Appeal from the Order of the Court of Common Pleas of Lancaster County in case of Commonwealth of Pennsylvania v. Francis Roeting, Jr., No. 42 Trust Book 102.
Stuart A. Liner, Assistant Attorney General, with him Anthony J. Maiorana, Assistant Attorney General, Robert W. Cunliffe, Deputy Attorney General, and J. Shane Creamer, Attorney General, for appellant.
Henry F. Gingrich, for appellee.
Judges Crumlish, Jr., Mencer and Blatt, sitting as a panel of three. President Judge Bowman and Judges Crumlish, Jr., Kramer, Wilkinson, Jr., Mencer, Rogers and Blatt. Opinion by Judge Crumlish, Jr.
The Commonwealth of Pennsylvania is here appealing an order of the Court of Common Pleas of Lancaster County which reversed the suspension by the Secretary of Transportation of the operator's license of Francis Roeting, Jr., appellee. Appellee, in October 1966, was involved in an accident with an insured of the Harleysville Mutual Insurance Company of Lancaster. As a result, he executed a judgment note for Harleysville Mutual Insurance Company which contained a confession of judgment clause. The insurance company filed the judgment note in the office of the Prothonotary of Lancaster County, January 8, 1971. Certification of the judgment was forwarded to the Secretary of
Transportation in April 1971, and on June 21, 1971, the Secretary suspended the operating license of appellee under the mandate of Section 1413 of the Vehicle Code (non-payment of a judgment).
An appeal was taken by Roeting to the Court of Common Pleas of Lancaster County.*fn1 The court below reversed the Secretary and held Section 1413 unconstitutional in that it violated Roeting's rights of equal protection and due process under the 14th Amendment of the United States Constitution by suspending his license without a determination that the judgment was the result of appellee's negligent driving. We affirm.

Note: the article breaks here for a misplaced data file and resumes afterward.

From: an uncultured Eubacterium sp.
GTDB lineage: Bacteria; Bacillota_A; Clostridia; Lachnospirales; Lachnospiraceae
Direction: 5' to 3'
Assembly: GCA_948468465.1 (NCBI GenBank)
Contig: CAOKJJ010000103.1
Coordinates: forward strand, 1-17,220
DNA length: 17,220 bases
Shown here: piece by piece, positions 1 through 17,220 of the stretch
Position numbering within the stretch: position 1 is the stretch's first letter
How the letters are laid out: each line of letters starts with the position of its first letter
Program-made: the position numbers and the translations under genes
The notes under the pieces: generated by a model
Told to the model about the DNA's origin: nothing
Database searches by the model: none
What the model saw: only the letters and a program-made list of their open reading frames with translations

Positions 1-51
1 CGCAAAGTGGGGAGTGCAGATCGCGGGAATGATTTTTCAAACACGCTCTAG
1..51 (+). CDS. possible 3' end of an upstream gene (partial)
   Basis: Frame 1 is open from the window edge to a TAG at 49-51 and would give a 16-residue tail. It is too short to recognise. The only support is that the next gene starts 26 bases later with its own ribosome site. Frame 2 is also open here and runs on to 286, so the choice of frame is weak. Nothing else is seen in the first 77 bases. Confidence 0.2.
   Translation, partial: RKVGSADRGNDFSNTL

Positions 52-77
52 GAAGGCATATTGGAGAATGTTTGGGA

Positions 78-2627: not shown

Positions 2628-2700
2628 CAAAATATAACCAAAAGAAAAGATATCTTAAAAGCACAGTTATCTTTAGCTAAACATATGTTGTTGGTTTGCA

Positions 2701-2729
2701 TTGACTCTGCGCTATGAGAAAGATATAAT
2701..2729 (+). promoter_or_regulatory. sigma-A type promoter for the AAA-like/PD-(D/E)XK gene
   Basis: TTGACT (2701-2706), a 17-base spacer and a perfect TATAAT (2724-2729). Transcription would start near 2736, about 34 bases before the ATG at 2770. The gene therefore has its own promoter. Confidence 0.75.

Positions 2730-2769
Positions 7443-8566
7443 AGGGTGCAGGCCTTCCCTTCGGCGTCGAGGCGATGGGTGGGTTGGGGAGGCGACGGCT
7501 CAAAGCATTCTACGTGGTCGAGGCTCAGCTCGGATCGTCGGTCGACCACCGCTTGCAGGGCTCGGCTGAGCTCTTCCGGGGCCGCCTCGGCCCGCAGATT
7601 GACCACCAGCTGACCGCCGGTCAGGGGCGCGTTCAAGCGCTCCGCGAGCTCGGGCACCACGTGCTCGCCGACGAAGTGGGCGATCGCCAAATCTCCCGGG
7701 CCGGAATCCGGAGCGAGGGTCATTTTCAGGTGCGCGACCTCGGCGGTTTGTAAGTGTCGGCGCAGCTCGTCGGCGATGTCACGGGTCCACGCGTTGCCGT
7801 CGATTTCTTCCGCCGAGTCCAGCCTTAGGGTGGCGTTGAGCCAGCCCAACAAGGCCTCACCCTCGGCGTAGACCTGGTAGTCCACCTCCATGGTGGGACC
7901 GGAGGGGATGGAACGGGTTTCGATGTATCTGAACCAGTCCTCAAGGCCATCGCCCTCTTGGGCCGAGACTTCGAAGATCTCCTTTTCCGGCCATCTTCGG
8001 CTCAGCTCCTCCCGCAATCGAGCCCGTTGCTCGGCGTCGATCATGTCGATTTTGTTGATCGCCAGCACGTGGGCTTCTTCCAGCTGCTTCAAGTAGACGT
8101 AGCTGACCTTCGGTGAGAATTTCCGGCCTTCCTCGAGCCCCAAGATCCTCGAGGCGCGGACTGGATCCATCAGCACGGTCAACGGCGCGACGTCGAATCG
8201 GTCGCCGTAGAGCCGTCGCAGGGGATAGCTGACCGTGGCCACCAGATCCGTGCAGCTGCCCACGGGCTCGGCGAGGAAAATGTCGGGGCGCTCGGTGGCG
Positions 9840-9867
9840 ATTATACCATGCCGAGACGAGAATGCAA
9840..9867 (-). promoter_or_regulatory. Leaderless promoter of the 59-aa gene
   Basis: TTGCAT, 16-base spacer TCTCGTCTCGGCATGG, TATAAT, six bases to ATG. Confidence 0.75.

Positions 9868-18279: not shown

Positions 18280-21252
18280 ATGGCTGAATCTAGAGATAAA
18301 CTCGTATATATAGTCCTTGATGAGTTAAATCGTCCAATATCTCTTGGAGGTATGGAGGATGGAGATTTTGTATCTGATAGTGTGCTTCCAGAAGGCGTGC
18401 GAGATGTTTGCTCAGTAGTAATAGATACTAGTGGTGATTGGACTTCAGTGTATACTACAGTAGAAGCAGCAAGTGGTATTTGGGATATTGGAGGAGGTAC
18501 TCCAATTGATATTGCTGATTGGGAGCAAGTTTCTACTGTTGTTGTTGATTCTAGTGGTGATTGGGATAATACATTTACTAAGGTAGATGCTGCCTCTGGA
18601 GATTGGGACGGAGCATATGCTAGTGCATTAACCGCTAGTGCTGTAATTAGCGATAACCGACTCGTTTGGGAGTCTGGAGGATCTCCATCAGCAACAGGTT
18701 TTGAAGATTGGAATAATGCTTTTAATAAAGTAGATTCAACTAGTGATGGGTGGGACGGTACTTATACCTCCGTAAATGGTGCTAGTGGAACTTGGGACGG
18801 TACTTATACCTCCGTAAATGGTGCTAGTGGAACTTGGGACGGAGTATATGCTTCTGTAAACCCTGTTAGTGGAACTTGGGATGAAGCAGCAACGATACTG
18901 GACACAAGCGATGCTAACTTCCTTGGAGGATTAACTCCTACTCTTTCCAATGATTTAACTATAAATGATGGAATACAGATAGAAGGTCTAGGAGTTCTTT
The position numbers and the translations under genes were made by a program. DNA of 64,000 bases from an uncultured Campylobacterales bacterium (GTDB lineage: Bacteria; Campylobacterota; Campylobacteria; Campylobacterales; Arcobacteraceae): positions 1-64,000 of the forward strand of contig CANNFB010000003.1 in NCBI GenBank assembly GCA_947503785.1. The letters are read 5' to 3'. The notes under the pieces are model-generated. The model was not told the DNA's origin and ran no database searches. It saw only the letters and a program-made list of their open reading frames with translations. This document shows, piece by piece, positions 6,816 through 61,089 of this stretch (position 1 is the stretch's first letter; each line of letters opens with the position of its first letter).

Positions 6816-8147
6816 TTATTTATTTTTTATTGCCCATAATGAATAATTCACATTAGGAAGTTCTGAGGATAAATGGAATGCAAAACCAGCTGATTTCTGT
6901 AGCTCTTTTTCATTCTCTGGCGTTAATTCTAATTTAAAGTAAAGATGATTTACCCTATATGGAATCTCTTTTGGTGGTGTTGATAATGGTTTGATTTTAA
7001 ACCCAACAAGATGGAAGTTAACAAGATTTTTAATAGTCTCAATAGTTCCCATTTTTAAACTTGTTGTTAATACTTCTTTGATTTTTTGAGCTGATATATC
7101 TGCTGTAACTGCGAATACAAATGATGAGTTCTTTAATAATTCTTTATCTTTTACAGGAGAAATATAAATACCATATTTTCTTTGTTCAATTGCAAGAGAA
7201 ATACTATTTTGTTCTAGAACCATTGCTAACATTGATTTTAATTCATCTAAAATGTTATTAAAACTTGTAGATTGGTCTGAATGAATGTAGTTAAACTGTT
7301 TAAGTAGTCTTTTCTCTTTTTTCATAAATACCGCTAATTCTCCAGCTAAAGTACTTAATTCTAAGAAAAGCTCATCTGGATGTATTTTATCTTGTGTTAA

There is no doubt that the Vehicle Code, Act of April 29, 1959, P.L. 58, as amended, 75 P.S. § 1413, mandates the action of the Secretary in suspending the appellee's license upon certification that a judgment was rendered against appellee. The question herein is whether this Pennsylvania Financial Responsibility Statute is constitutional as it is applied to appellee.
The United States Supreme Court has twice upheld the constitutionality of state financial responsibility statutes. Kesler v. Department of Public Safety of the State of Utah, 369 U.S. 153 (1962); Reitz v. Mealey, 314 U.S. 33 (1941). The Supreme Court has stated that such statutes, promulgated under the police power of the states, are not devious means of using the police power as a collecting agency for private debts, but, instead, are "intended to discourage careless driving or to mitigate its consequences by requiring as a condition of licensing the satisfaction of outstanding judgments, the posting of security to cover possible liability for a
past accident, or the filing of an insurance policy or other proof of ability to respond in damages in the future." Kesler, 369 U.S. at 158. These statutes are a use of the police power to protect against damage inflicted on the public by ...